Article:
By transfecting the adenovirus 5 E1A gene into neu-transformed NIH3T3 cells, we previously showed that E1A can dramatically repress neu-encoded p185 expression and, concomitantly, suppress the features of transformation and metastasis of neu+E1A transfectants. From these results we concluded that suppression of transformation and metastasis by E1A in neu-transformed cells may be through repression of neu gene expression. However, E1A has recently been shown to also repress the transformation features of other human cancer cells that do not overexpress neu. This observation raised a possibility that repression of neu gene expression in our neu+E1A cells might not be the only mechanism for transformation and metastasis suppression. To study whether other molecular mechanisms might be involved in suppression of transformation and metastasis by E1A in our neu+E1A cells, we reexpressed p185 oncoprotein in the neu+E1A cells by transfecting them with a plasmid containing activated rat neu complementary DNA and we examined whether E1A can suppress transformation and metastasis when the neu-encoded p185 protein is reexpressed. All the features of transformed cells including cell morphology, DNA synthesis rate, colony formation in soft agar, and tumorigenicity in nu/nu mice were restored in the cell lines that reexpressed neu. In addition, the levels of neu reexpression corresponded to the degree of malignant transformation. However, the in vivo metastatic tumor formation by these p185 reexpressing cells was still significantly inhibited by E1A. When metastasis-associated properties were examined in the cell lines that reexpressed p185, we found that cell motility was recovered by reexpression of pl85 to the degree corresponding to the p185 reexpression level, but secretion of membrane-degrading gelatinases and invasion through the basement membrane preparation Matrigel by these cells were still inhibited by E1A. The data demonstrated that reexpression of p185 in neu+E1A cells can counteract the tumor-suppressing function of E1A but not completely recover the neu-induced metastatic phenotype. We conclude from these results that (a) repression of new oncogene expression was indeed the molecular mechanism by which E1A suppressed tumor formation in neu-transformed 3T3 cells, and (b) suppression of metastasis by E1A in neu-transformed 3T3 cells was via multiple molecular mechanisms in addition to repressing neu. Our model system clearly demonstrated that tumorigenicity and metastasis are related but separable phenomena.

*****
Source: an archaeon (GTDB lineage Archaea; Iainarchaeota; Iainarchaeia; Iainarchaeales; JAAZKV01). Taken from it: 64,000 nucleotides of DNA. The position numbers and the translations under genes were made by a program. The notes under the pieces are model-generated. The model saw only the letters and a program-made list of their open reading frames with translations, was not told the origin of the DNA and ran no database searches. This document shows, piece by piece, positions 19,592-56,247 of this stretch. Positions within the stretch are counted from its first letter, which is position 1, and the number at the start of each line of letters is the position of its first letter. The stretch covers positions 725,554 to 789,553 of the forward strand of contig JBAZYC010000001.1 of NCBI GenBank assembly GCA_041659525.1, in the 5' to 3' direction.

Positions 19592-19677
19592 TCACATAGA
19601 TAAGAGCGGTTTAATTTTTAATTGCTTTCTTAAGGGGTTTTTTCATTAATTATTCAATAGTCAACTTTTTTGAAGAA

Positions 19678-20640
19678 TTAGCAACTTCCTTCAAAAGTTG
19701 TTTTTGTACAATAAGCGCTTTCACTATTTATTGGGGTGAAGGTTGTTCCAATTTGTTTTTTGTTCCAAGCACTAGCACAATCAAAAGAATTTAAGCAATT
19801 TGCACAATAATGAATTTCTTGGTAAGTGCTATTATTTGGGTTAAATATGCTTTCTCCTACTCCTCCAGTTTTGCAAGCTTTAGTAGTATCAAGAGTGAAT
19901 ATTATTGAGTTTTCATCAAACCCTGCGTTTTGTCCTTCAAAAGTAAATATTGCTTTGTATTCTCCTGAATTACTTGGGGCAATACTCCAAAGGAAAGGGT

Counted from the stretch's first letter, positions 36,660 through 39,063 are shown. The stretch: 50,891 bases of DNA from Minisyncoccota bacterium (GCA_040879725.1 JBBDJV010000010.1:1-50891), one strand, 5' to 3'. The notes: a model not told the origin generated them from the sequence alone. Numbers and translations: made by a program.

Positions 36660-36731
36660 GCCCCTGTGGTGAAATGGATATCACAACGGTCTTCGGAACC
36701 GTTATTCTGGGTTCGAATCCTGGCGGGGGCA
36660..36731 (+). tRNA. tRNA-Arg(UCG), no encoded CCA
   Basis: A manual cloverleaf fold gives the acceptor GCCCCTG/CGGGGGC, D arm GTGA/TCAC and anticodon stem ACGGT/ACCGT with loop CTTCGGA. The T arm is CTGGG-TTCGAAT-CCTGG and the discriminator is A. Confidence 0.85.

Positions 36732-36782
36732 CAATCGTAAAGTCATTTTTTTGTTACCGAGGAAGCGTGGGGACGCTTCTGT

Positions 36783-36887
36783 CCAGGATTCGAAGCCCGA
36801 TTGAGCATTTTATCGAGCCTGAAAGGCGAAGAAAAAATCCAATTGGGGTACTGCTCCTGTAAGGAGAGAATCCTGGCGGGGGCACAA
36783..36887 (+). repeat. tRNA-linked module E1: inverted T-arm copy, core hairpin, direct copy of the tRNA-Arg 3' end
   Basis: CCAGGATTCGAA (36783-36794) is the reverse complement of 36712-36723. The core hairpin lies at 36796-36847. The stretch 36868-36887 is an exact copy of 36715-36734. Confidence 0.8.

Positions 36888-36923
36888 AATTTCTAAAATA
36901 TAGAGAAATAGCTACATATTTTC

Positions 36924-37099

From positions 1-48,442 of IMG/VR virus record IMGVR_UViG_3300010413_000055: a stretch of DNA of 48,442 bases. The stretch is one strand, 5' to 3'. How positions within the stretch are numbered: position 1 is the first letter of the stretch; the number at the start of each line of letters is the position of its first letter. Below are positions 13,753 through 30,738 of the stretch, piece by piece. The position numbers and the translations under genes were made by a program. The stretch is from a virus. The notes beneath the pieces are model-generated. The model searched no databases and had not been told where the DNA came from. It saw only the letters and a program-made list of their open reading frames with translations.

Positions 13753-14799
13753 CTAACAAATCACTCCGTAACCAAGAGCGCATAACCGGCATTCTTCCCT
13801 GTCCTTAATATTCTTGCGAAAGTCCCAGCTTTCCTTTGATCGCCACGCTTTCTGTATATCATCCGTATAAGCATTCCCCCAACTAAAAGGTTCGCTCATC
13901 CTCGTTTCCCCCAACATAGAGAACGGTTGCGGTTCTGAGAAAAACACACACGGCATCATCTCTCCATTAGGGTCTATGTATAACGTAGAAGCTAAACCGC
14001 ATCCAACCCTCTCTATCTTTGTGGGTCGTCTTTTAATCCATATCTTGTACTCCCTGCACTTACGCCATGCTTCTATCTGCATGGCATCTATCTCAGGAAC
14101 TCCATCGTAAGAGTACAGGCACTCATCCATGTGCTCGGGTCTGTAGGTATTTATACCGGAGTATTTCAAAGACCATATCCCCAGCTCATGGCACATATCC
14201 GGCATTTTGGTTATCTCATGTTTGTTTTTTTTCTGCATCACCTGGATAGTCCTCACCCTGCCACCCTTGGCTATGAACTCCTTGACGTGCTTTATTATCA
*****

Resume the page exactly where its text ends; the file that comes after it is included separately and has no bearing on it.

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This research was in part supported by Department of Health and Human Services Cancer Center Core Support Grant CA-16672 from the National Cancer Institute.